We are not running country, we don’t intend to: SC

A bench of Justices Ranjan Gogoi and Navin Sinha made it clear that the apex court would not intervene in issues which were meant to be decided by the executive.

Written by Utkarsh Anand | New Delhi | Published: April 8, 2017 3:56 am
Supreme court, SC, Satluj-Yamuna Link Satluj-Yamuna Linkcanal, SYL canal, SC on SYL canal, apex court, india news, indian express news The petition pointed out that the project was caught in a tussle between Haryana and Punjab, due to the latter’s resistance. (File photo)

THE SUPREME Court on Friday said it is not running the country nor does it intend to. Taking up a PIL for hearing, a bench of Justices Ranjan Gogoi and Navin Sinha made it clear that the apex court would not intervene in issues which were meant to be decided by the executive.

“Are we running the country? No…we are not and nor do we intend to,” observed the bench, as soon as the lawyer for the petitioner began his argument.

Advocate Abhishek Nanda, who was arguing for the petition filed by Haryana-based social activist Jeetendra Nath, urged the bench to issue directions to the central government and the state governments of Himachal Pradesh and Haryana for construction of the SYL (Satluj-Yamuna Link) canal directly from Himachal Pradesh to Haryana, instead of constructing it through Punjab.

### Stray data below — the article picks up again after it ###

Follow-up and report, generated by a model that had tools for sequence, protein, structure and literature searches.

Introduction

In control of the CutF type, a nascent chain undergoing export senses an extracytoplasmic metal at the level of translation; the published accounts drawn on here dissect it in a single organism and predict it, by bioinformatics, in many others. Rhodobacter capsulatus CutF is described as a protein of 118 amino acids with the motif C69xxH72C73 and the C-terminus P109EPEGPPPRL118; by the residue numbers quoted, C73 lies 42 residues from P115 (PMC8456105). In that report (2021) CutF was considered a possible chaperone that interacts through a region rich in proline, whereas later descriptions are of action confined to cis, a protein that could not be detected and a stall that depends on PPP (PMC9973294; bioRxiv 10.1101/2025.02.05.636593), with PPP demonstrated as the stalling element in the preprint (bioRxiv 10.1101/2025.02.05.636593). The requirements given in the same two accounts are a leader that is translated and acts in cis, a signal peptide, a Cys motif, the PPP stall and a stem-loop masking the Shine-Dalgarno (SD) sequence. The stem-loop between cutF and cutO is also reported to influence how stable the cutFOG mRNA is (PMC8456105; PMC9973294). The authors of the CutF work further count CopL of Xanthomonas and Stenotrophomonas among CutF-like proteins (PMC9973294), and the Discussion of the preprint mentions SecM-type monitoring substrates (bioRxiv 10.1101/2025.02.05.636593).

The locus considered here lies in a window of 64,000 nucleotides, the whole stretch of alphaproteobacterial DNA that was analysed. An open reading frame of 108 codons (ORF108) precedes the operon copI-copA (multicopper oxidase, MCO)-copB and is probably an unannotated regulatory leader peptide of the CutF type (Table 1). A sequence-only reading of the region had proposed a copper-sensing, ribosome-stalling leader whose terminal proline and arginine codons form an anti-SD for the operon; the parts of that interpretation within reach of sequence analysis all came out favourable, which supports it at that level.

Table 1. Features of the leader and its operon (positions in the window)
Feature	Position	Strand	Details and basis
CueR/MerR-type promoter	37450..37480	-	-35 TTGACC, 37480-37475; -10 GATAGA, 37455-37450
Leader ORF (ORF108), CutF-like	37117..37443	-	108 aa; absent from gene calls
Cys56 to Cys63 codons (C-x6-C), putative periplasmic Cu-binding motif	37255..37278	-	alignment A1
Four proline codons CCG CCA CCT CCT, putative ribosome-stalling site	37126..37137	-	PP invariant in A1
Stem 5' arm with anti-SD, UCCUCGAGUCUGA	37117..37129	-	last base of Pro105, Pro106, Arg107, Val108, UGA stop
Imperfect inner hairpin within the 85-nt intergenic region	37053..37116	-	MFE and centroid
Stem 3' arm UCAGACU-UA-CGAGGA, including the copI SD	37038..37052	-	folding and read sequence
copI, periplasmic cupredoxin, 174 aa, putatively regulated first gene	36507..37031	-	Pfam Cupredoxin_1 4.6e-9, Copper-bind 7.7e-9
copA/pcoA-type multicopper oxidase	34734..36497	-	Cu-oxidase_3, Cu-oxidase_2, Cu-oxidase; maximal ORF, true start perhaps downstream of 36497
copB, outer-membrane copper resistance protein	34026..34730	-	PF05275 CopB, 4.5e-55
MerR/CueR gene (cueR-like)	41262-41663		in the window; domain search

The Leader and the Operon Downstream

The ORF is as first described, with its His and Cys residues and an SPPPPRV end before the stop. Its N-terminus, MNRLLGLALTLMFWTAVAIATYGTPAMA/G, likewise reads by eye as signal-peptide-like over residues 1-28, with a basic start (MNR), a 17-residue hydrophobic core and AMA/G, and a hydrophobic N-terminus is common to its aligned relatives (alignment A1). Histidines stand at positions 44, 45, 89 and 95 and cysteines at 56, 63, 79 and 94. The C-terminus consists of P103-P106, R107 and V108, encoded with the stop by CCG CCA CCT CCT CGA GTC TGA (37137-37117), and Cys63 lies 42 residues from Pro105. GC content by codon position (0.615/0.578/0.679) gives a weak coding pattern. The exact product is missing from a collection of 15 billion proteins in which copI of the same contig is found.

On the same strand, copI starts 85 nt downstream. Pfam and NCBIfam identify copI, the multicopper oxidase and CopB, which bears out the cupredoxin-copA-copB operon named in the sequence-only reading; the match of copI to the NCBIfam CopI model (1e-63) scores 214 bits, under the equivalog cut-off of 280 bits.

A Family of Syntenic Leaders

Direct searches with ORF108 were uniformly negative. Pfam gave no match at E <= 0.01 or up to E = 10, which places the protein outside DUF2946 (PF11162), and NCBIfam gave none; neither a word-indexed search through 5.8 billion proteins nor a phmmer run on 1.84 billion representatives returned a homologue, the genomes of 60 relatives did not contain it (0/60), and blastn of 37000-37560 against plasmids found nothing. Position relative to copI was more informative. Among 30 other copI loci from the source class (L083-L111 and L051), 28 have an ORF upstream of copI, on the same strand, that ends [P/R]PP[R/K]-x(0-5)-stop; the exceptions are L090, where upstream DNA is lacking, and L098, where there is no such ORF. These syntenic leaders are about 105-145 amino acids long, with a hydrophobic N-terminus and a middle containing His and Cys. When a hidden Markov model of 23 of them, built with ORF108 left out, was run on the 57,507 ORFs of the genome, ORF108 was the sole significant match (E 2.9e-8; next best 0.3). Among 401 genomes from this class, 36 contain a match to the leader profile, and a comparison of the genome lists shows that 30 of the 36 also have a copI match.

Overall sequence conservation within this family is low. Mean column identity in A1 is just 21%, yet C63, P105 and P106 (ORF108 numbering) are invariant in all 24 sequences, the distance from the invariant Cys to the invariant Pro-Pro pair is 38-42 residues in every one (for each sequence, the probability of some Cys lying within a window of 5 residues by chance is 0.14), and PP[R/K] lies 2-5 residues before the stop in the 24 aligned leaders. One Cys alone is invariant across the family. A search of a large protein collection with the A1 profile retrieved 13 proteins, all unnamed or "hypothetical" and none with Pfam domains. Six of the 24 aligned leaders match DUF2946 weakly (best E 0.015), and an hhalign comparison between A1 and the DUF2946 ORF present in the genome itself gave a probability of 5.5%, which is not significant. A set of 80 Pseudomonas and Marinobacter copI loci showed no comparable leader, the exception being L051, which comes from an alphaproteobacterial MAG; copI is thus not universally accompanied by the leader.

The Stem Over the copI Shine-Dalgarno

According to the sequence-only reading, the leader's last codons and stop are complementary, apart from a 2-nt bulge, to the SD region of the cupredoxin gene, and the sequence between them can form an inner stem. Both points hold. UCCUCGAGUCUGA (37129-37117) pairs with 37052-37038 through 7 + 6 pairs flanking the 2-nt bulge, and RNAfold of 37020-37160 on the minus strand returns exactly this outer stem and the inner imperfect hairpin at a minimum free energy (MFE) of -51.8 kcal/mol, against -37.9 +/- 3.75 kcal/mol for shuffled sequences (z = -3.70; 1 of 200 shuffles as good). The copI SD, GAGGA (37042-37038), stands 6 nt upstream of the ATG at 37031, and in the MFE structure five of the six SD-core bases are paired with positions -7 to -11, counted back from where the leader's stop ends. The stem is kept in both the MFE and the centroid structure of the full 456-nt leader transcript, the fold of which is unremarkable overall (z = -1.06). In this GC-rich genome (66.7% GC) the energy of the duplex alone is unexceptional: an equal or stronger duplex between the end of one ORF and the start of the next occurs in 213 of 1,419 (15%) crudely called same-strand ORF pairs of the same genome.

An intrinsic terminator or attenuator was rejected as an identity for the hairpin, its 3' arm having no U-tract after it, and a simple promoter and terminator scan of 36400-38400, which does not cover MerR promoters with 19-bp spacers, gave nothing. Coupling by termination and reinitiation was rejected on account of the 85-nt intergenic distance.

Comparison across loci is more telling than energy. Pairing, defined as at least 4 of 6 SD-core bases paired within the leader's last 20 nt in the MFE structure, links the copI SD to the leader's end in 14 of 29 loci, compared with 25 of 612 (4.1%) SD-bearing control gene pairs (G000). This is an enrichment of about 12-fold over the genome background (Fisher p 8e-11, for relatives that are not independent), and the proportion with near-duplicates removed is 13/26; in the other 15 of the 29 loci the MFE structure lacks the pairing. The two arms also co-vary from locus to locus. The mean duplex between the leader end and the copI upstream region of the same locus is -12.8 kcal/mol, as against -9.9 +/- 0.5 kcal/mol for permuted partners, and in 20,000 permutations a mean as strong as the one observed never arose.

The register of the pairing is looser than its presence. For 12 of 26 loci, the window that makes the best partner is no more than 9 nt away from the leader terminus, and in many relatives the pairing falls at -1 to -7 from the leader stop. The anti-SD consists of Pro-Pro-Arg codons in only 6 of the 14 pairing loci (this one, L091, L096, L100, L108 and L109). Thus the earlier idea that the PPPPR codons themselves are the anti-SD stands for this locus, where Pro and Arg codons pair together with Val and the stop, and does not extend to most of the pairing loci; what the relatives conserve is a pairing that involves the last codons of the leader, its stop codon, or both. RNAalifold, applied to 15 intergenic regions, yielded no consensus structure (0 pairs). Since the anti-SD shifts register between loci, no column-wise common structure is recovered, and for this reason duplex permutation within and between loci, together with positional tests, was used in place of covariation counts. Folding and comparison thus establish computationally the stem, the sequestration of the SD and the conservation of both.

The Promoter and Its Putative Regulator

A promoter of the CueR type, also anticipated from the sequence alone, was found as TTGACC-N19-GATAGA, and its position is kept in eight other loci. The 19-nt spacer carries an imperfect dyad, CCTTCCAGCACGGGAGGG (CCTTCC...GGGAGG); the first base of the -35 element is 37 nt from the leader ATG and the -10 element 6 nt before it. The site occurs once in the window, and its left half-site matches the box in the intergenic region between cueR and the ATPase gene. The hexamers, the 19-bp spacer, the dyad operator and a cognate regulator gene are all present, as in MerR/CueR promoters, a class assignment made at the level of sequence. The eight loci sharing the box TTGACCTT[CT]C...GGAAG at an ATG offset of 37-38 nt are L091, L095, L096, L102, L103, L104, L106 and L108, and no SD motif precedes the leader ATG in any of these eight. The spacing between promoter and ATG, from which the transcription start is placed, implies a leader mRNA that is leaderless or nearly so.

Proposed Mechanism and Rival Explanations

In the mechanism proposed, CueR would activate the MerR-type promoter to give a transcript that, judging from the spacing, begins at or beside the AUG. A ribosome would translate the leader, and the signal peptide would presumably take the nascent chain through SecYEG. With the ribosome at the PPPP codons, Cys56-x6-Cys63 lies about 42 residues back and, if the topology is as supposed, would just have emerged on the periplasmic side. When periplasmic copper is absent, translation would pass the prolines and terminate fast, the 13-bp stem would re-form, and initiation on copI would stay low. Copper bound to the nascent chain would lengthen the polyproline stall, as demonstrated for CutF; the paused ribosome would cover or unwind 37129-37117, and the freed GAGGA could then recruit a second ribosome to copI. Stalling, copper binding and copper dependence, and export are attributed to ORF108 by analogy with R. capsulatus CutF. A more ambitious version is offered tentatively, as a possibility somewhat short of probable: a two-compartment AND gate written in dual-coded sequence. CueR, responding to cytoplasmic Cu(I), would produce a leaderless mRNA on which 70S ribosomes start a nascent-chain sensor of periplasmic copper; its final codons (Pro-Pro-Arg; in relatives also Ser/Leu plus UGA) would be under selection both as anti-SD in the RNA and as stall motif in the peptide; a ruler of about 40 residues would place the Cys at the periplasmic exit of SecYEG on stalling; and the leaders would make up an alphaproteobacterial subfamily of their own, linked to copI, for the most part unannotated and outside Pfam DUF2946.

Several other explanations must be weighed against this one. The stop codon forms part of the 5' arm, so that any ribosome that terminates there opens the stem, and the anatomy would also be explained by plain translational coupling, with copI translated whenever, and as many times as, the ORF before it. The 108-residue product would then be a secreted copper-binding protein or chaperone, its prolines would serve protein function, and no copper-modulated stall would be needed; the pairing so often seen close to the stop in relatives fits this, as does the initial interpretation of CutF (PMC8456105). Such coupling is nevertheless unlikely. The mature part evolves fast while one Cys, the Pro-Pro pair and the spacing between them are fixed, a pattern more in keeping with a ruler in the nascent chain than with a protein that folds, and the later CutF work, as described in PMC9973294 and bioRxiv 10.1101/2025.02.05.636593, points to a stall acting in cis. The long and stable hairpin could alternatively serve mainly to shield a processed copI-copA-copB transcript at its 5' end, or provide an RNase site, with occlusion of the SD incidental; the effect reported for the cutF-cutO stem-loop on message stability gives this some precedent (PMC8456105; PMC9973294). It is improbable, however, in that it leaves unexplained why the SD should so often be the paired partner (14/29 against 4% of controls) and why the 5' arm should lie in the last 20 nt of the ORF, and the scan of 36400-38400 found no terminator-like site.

The petition pointed out that the project was caught in a tussle between Haryana and Punjab, due to the latter’s resistance. According to Nath, this stalemate resulted in breach of fundamental rights under Article 14 (equality before law). “Such arbitrary and unreasonable actions of the Government of Punjab are violative of fundamental rights of the people of Haryana as enumerated under Article 14, 19, and 21 of the Constitution of India. Further, such whimsical and irrational actions of the Government of Punjab have resulted in depriving the people of Haryana due share of water as guaranteed and enshrined under Article 14, 19 and 21 of the Constitution of India,” said the plea.

Nath contended that in view of the larger public interest, the project should be constructed directly from Himachal Pradesh to Haryana, instead of passing through Punjab.

But when Nanda rose to argue the case, the judges were convinced that the matter did not fall within the purview of judicial adjudication.

Observing that the apex court does not run the country, the bench dismissed the PIL. It recorded in its order that the petition sought to raise issues which were not within its jurisdiction.

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